Journalism 2020 Revisited - Amazon, Apple, NewsCorp, Newspapers, Books
Things are tough for the printed word these days. Not for writing, or demand for information. That is doing great - with more volume than ever! But the issue is "printed" material. Clearly, the format is changing. But are business leaders changing with it?
The Los Angeles Times reported "Amazon.com Says It's Selling 80% More Downloaded Books Than Hardcovers." This is a big switch. Clearly Kindles are making a big difference as people are buying a lot less paper, and reading a lot more bits. Do you remember when your colleagues all said "I want a book, I don't want to read looking at a screen?" Do you remember when businesspeople actually printed their emails? Clearly a sentiment gone by the wayside.
Accuracy in Media reported "U.S. Newspaper Circulation Dropped 30% Since '07." And it's a global phenomenon, with the U.K. down 25%, Greece 20%, Italy 18% and Canada 17%. Fully 2/3 of major countries are seeing newspaper demand decline. No wonder Tribune Corporation, publisher of The Chicago Tribune, Los Angeles Times and Baltimore Sun, as well as others, is having such a hard time emerging from bankruptcy. Every month this looks more like the buggy whip business. Can you really expect the company to survive?
Amidst this backdrop, magazines have a dire future. I can remember when browsing magazines was the norm, and trade magazines arrived in my inbox daily. Often 60 or 100 page affairs. No longer. Magazines have disappeared like rain in the Sahara. Their savior is supposedly to go digital, but according to TwistedImage.com magazine leaders are at a loss how to proceed. In "The Media Disruption Within" Mitch Joel describes how a panel of magazine publishers are approaching the industry change mostly with despair that the internet is here - and no concerted effort to define a new model. Lock-in was prevalent as they kept hoping for a return to the good old days for print publishers, which we know is never going to happen.
So today the New York Post reported "Mag Publishers, Apple in Subscription App Scrap." Most of us can acquire newspapers for an iPad issue by issue - but subscriptions aren't possible. The magazine fears it will be the big loser - and rightfully so. If Apple controls the subscription and delivery, why couldn't it repackage? Where would Apple stop, and what value would the magazine actually deliver? Since iTunes changed music buying, how many people buy albums? It would require the editors and publishers be really sharp to know their market - something most gave up a long time ago when they turned to focusing on narrow content for their "core product" and trying to maintain their "core competency." Neither of which are very "core" any more.
We all want news that's exactly what we want, and we'll simply go to Google to get it. Who published it isn't nearly as important to readers any more. Nor is the packaging. Pretty soon Amazon via Kindle, Apple via iPad, and we can expect a Google tablet to do the same, can start packaging up the chapters of various books for readers giving them just what they want. And with that they can link off to source articles from newspapers and magazine archives - or to current events. The role of publisher will get a lot less clear, as writers and editors can go directly to the electronic distributor with content.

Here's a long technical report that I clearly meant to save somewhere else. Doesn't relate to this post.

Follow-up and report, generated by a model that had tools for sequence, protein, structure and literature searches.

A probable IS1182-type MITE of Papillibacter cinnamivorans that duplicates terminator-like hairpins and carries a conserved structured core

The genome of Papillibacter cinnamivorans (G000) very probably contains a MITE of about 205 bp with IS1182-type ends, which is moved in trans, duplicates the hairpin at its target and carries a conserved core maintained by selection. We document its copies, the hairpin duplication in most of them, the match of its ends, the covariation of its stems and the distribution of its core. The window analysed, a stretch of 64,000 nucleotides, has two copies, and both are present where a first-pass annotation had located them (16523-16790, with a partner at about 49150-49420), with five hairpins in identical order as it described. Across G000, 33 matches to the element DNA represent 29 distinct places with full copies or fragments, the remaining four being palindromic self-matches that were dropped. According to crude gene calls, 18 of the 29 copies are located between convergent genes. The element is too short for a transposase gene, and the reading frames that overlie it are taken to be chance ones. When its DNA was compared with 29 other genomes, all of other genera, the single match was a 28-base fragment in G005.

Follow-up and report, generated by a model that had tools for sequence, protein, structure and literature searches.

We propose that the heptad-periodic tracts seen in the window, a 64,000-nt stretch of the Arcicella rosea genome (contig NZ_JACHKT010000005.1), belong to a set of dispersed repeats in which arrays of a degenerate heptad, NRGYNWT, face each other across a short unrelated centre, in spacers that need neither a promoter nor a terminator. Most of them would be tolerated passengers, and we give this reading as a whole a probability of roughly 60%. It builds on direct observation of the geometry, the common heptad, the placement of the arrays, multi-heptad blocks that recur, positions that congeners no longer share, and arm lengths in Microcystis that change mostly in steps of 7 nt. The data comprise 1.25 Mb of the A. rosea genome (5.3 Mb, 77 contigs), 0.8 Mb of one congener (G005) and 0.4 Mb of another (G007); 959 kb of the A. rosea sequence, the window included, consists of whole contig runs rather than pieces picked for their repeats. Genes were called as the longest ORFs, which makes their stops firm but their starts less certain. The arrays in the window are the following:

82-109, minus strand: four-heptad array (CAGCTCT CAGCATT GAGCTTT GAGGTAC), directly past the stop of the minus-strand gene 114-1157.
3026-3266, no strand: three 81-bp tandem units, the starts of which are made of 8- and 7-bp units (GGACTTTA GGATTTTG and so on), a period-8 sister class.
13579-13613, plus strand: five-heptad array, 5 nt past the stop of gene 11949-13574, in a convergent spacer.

Into this fray is an interesting new approach reported by CNBC.com, "Rupert Murdoch's New Digital Game Changer?" The claim is that News Corp. is preparing an all-new interactive product designed just for on-line and mobile users. It wouldn't be a re-treaded newspaper. Text, photo and video designed just for the medium. Now that would be the right way to go about preparing for 2020. Unfortunately, the way News Corp. handled MySpace.com doesn't give us a lot of comfort this will be a truly White Space project. But if it is, it might just be the start of toward the product which will be journalism in 2020.
If you're in publishing you have no choice but to get White Space going. The intermediaries - from the tech companies to new-age publishers like HuffingtonPost.com - are moving forward. The business as it used to be is gone. But the demand for news - for content - is bigger than ever. It will require a new business model. A new Success Formula. And this is clearly a case of change or die. The world will never again be as it previously was.
Even if you don't think of yourself as a publisher - you probably are. Do you put out customer literature - like user or repair manuals? Do you put out sales literature? Do you communicate with investors or industry analysts? If so, how do you "publish" your material? Paper? Packaged pdf? In today's world, an advantage can be created by moving quickly to what's new.
Today there are a plethora of luxury automobiles on the market. These beautifully high tech luxury machines have manuals that can run 500+ pages! It is impossible to figure out how anything works by trying the manual! Why don't manufacturers of $60,000+ cars have a Kindle (or iPad) built into the console? Those cost less than a set of brake pads today, they can be updated automatically, and are interactive.
Are you thinking about how you could use a $100 device to make life easier for your customers and supply chain partners? Or are you printing? If you're printing, what's your budget? How much would you save if your salespeople, customers, etc. were given a Kindle? Or iPad? Can you afford not to be thinking differently about your future?